Paul Watson and Sea Shepherd have had a lot of success in stopping whalers from murdering defenceless whales and other sea life. Confessions of an Eco-Terrorist looks at the success of Sea Shepherd as well as the drama.
“There have been many films made about Sea Shepherd but none as hilarious and revealing as CONFESSIONS OF AN ECO-TERRORIST, which was three decades in the making.” Watson said. “Peter Brown, a Sea Shepherd insider expertly exercises aikido with his camera by turning a negative accusation into a positive confession of influential activism.
Filmmaker and longest-serving SSCS crew member Peter Jay Brown documented the mythic deeds of the organization while acting as the cinematographer, first mate, deckhand, quartermaster, Zodiac driver and officer/captain in Watson’s absence starting in 1980. He gives us an intimate and honest look at what really goes on behind the scenes on some of the most infamous environmental campaigns ever. He has recorded the breathtaking beauty of the life aquatic in all its glory, as well as anguishing despair, bearing witness to the brutal slaughter of the helpless.
Risking their freedoms and their lives, the renegade eco-warrior and his band of environmental pirates combat those who seek to pillage and profit from the destruction of the ocean and its inhabitants. Using guerilla tactics, they boldly, even jubilantly patrol the world’s waters targeting kill-happy poachers and covert corporate cabals, terrorizing and provoking confrontation while flying the Jolly Roger (skull and crossbones) flag of their fleet. Watson’s use of manufactured awareness and strategic media traps defies convention as he brilliantly navigates his fleet by ramming vessels, inflicting damage to whalers, drift-netters, long-liners, and seal hunters who operate illegally worldwide.
Here’s the trailer (some graphic animal killing inside):
Sea Shepherd has succeed in its goal to stop Japan from whaling. The stoppage is a result of Sea Shepherd actively hindering the ability of whalers to kill whales, nobody has been harmed by the organization but Japan is calling for the group to be banned by other nations.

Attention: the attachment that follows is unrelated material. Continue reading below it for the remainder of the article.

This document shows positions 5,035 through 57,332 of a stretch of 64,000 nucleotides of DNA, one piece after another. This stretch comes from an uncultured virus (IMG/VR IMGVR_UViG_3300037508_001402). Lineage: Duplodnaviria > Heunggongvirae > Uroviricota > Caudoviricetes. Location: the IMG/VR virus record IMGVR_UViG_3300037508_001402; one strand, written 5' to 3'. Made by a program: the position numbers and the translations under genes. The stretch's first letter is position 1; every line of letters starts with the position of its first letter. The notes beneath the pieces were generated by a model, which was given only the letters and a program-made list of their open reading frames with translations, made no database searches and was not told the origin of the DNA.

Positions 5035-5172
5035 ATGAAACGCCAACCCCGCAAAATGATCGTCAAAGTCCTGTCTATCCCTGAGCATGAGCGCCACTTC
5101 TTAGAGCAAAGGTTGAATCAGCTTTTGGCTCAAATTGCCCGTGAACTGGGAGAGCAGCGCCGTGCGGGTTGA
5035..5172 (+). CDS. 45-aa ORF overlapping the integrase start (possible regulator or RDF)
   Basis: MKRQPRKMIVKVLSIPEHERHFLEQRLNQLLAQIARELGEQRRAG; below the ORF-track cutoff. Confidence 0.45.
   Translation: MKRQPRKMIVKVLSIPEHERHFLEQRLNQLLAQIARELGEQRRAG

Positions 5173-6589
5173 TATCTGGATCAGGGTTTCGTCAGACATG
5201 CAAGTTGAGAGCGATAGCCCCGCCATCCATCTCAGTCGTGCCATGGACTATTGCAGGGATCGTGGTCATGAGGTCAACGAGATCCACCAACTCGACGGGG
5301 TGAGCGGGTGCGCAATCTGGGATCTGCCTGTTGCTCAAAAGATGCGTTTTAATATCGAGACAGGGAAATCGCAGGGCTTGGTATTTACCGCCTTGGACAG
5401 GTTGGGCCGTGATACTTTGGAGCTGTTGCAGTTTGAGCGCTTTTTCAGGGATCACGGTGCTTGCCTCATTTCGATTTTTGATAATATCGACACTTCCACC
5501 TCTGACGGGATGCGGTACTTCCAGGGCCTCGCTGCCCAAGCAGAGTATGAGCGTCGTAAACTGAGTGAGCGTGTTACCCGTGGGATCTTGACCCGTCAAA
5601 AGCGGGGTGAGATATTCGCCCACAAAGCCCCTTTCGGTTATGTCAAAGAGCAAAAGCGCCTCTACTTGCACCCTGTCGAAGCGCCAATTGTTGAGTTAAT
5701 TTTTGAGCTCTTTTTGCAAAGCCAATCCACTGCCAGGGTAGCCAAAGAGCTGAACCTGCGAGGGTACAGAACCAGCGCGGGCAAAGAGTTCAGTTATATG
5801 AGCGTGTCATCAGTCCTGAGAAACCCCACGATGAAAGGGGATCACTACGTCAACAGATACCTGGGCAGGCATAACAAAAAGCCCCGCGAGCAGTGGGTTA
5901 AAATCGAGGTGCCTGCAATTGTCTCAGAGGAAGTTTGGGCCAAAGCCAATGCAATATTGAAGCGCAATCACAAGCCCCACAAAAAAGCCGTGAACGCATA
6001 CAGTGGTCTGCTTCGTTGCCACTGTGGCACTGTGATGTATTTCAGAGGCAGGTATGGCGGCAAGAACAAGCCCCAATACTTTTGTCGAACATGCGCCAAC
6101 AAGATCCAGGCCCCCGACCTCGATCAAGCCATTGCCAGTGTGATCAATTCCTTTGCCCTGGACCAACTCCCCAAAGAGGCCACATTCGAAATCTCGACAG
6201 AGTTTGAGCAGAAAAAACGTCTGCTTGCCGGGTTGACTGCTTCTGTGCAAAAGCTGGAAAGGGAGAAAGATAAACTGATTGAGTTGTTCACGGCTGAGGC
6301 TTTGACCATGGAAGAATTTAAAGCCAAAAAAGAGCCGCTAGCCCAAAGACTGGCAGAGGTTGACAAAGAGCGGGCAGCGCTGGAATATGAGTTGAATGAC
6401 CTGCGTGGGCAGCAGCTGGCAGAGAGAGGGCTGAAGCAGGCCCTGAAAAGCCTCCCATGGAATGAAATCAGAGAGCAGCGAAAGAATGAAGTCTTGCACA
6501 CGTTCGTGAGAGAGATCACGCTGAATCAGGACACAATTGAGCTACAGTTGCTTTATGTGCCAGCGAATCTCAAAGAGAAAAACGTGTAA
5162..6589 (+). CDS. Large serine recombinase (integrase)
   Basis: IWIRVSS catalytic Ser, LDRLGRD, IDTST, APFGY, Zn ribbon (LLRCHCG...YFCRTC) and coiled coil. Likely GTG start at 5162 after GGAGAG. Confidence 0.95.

Japanese whalers seem intent on whaling again this year but for now let’s take a moment to rejoice that the needless slaughter of whales is not happening for the rest of the winter.
Japan has suspended whaling in the Antarctic after repeated harassment by conservationists, says a government official.
Sea Shepherd Conservation Society ships have been chasing the whaling fleet for weeks in the icy seas, trying to block Japan’s annual whale hunt, planned for up to 945 whales.
The Australian Greens said late last night that the Japanese decision was “truly a cause for celebration”.
Japan’s notorious killing spree of whales has been challenged by Sea Shepherd for years and this past year Sea Shepherd literally saved whales.
Japan’s whaling ships have returned from the Southern Ocean with their smallest catch in years, prompting the fleet’s leader to blame harassment by the Sea Shepherd marine conservation group for the shortfall.
The Nisshin Maru, the fleet’s mother ship, returned to Tokyo harbour yesterday with just 507 whales, a little over half the target catch of 935, according to the fisheries agency. The haul of minke whales and a single finback was well down on last year’s catch of 680.
The fleet said Sea Shepherd’s attempts to sabotage the hunt had deprived it of 31 days’ whaling.
The annual confrontation between the two groups reached its height in January with the sinking of Sea Shepherd’s high-tech powerboat, the Ady Gil, after a collision with the Shonan Maru 2 harpoon boat.